Before joining the UCR department of history, I worked in traditional finance in New York and Mexico City. Now I study credit markets in Mexico, and financial history more broadly. My concerns with the flows of credit and its incentives and constraints, especially in what the literature dubs developing markets, continues to this day.
My first book reconstituted the mortgage market of the city of Merida, in the state of Yucatan to understand the growth of credit markets in the absence of banks. I am working a series of projects that build on this experience. One is in collaboration with a colleague – and we are unearthing evidence that shows that throughout the 19th Century, credit cooperatives and credit unions were being formed to support budding enterprises and industries. Part of the research will focus on understanding the obstacles to their growth into more formal credit institutions. Another project traces informal credit networks that continued to operate as such during the Mexican Revolution – part of the effort for this project is going towards sharing my research documents on an open, searchable digital database. I am also collaborating with a colleague and a team of assistants in Mexico to put the entire collection of Mexican historical statistical and economic data online in open, searchable and downloadable databases.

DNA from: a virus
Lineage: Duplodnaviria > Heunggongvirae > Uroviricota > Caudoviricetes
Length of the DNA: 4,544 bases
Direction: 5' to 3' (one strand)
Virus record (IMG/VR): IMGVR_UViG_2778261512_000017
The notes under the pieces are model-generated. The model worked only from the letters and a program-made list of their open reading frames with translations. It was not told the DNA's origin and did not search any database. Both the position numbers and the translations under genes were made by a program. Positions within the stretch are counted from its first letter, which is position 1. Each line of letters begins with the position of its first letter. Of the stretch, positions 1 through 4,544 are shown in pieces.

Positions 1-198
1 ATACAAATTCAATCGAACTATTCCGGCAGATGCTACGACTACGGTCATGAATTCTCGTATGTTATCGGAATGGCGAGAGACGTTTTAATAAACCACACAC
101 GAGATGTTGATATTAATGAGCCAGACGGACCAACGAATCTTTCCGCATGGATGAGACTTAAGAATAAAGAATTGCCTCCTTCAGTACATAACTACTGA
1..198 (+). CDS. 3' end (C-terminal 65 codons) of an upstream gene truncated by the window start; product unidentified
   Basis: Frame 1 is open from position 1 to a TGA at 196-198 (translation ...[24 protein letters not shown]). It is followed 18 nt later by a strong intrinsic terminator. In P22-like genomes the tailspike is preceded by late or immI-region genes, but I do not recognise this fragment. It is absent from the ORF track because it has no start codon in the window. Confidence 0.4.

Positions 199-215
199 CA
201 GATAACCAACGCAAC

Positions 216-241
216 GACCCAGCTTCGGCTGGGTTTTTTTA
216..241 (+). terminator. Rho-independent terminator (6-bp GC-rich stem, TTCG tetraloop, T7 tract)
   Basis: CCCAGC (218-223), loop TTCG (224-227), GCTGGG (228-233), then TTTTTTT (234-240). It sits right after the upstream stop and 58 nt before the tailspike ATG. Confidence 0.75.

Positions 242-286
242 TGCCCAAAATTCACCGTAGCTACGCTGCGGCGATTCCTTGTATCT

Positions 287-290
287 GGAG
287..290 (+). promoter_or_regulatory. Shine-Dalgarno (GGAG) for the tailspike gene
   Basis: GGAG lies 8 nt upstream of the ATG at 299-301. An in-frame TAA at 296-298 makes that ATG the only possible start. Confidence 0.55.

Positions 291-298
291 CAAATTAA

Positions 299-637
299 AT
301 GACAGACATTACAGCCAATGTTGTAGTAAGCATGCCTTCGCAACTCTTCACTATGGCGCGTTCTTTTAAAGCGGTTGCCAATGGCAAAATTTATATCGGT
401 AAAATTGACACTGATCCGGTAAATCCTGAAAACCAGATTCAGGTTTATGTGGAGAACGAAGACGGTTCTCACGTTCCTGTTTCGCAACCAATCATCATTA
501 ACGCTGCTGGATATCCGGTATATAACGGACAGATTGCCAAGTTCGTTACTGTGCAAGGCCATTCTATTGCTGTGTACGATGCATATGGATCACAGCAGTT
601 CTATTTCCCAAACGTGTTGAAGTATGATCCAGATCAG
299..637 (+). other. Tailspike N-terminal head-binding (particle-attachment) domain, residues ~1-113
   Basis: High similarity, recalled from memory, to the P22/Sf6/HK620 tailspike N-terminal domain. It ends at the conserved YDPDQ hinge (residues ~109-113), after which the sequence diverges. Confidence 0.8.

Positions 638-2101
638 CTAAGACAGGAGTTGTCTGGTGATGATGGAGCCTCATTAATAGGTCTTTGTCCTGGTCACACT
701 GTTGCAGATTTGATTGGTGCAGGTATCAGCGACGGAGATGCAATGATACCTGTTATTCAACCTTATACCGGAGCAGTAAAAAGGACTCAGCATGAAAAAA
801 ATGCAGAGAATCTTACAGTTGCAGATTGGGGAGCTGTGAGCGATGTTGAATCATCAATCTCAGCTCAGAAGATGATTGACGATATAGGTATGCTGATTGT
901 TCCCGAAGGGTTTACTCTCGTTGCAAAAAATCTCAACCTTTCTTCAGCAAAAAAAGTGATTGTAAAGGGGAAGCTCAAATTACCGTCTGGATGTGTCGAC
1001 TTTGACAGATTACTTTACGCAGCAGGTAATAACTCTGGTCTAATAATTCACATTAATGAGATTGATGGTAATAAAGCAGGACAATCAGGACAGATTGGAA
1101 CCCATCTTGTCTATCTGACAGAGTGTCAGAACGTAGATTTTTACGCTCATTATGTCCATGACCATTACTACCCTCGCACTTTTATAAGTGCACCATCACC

I use computational methods in my economic history research, and as digital tools have become more accessible, I have started to use computational methods and tools in my teaching. To address scale issue in higher education, I developed three online courses in History for the University of California, and as part of one of those classes I built a learning game for university students (digitalzombies.ucr.edu). This game continues to be a pillar of my instructional method. It has also inspired a teaching module in virtual reality, which I am developing with a team that can code in Unity and engineer in 3D.
I usually teach a lower–division survey on Latin American History and 20th Century World History, a gateway course to our major, as well as an undergraduate seminar in historical research methods, and a graduate seminar in Digital Humanities.
You can find me at juliettelevy.org, contact me via email at firstname.lastname@example.org or on twitter @profjuliette